Saturday, September 15, 2012

Che's T-Shirt

Binoy would burst out in rage if he could. But, he wasn’t sufficiently alive, even to be angry.

The future had side-stepped him, a long time ago.

He had seen those t-shirts with Che Guevara’s famous photographs printed on them the first day he came to work here. He knew about the picture and the history behind it, how the celebrity photographer Alberto Korda clicked the picture on the streets of Havana the day Fidel Castro’s 26th of July Movement replaced the regime of Cuban dictator Fulgencio Batista, finally, on January 1, 1959. That was the day the revolution had won. The pictures was part of a series of photographs of Fidel and Che and Korda did not even bothered to print this particular picture till years later, before it would become the symbol of revolution, of idealism itself, before capitalism started to cash on it, and before pop culture reclaimed it as the very icon of dissidence.

Now, for Binoy, things had changed so much that he did not have the courage to even look at Che’s impassive visage. He couldn’t stand those piercing eyes anymore. There was a time when those very eyes had given him hope, the will to go on. Now, the war was over and time had forgotten him.

Binoy thought about the girl and her boyfriend, who’d proudly wear the t-shirt. Did they remember the misguided revolution? Did they remember those who died? Did they remember those who betrayed? Those who were betrayed? Those who lost? Binoy doubted it. Those people who came to shop here, the citizens of this state, the future of this land, which once he loved so passionately – Binoy observed them from a distance. They did not look like the people Binoy once knew. Frankly, Binoy couldn’t relate to them. He found it hard to believe that it was the same Guwahati, the same city where once, he was the brightest spot. Guwahati had changed.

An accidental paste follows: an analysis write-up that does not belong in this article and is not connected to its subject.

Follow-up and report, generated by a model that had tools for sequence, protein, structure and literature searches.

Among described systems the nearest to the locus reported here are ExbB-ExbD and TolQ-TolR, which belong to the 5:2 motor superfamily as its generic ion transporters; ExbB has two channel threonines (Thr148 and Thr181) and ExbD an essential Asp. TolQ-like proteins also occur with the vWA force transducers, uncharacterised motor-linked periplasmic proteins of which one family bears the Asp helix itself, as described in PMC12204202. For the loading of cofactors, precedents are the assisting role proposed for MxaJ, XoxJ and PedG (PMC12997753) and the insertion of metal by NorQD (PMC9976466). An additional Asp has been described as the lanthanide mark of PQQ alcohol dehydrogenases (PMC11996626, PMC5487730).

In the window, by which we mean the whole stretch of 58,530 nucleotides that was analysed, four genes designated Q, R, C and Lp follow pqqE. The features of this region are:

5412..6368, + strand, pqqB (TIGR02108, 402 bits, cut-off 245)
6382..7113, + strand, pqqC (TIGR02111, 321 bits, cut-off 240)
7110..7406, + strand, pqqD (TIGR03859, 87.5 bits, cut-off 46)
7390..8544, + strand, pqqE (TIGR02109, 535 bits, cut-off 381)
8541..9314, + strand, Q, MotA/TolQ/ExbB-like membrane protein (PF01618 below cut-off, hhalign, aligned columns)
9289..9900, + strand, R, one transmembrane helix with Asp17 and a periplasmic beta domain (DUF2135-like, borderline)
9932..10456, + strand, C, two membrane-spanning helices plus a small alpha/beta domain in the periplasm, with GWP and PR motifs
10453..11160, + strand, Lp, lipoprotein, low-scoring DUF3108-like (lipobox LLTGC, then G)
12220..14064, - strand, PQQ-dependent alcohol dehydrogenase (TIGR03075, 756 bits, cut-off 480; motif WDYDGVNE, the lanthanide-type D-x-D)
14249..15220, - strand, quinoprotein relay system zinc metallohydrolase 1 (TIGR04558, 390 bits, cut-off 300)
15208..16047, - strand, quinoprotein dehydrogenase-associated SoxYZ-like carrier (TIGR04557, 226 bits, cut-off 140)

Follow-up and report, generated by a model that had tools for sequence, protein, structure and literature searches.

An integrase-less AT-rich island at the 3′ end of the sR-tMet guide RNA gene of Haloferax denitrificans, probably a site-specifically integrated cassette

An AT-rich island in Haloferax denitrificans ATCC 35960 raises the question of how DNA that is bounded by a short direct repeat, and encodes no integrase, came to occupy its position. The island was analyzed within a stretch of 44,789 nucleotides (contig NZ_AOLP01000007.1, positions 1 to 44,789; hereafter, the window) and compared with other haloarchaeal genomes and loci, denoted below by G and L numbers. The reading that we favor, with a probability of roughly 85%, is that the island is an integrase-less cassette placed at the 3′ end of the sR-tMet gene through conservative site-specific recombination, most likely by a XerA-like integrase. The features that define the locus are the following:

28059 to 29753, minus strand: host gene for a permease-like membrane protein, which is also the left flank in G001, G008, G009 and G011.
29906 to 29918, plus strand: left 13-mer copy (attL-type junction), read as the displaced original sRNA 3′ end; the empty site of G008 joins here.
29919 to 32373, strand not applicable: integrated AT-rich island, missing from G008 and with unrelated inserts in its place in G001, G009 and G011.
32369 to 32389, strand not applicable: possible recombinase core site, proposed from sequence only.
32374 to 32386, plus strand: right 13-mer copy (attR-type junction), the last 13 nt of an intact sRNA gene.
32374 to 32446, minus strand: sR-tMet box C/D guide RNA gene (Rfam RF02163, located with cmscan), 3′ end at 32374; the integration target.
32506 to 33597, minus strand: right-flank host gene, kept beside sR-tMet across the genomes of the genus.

There were times Binoy wondered if he should tell his colleagues at the shopping mall about his previous life. He wasn’t sure. He wasn’t sure anyone would believe him.

Guwahati had changed. Even for an expert in economics like Binoy, the way the retail market in the city had grown over the years, was a mystery. Those days, when he was in the Liberation Front, economic independence of the state was a major issue. The state had resources, but not a viable economic machinery to exploit these resources on its own. Now, all of a sudden, the city was flooded with money. Where did the money come from? There was a time when the crowded by-lanes of Fancy Bazaar was the place if you wanted to buy clothes. Now, you visit Vishal Megamart. Binoy couldn’t complain though. The very shop was his employer as well.

[Excerpt from a short story I'm working on tentatively titled 'che guevara isn't just a t-shirt'.]

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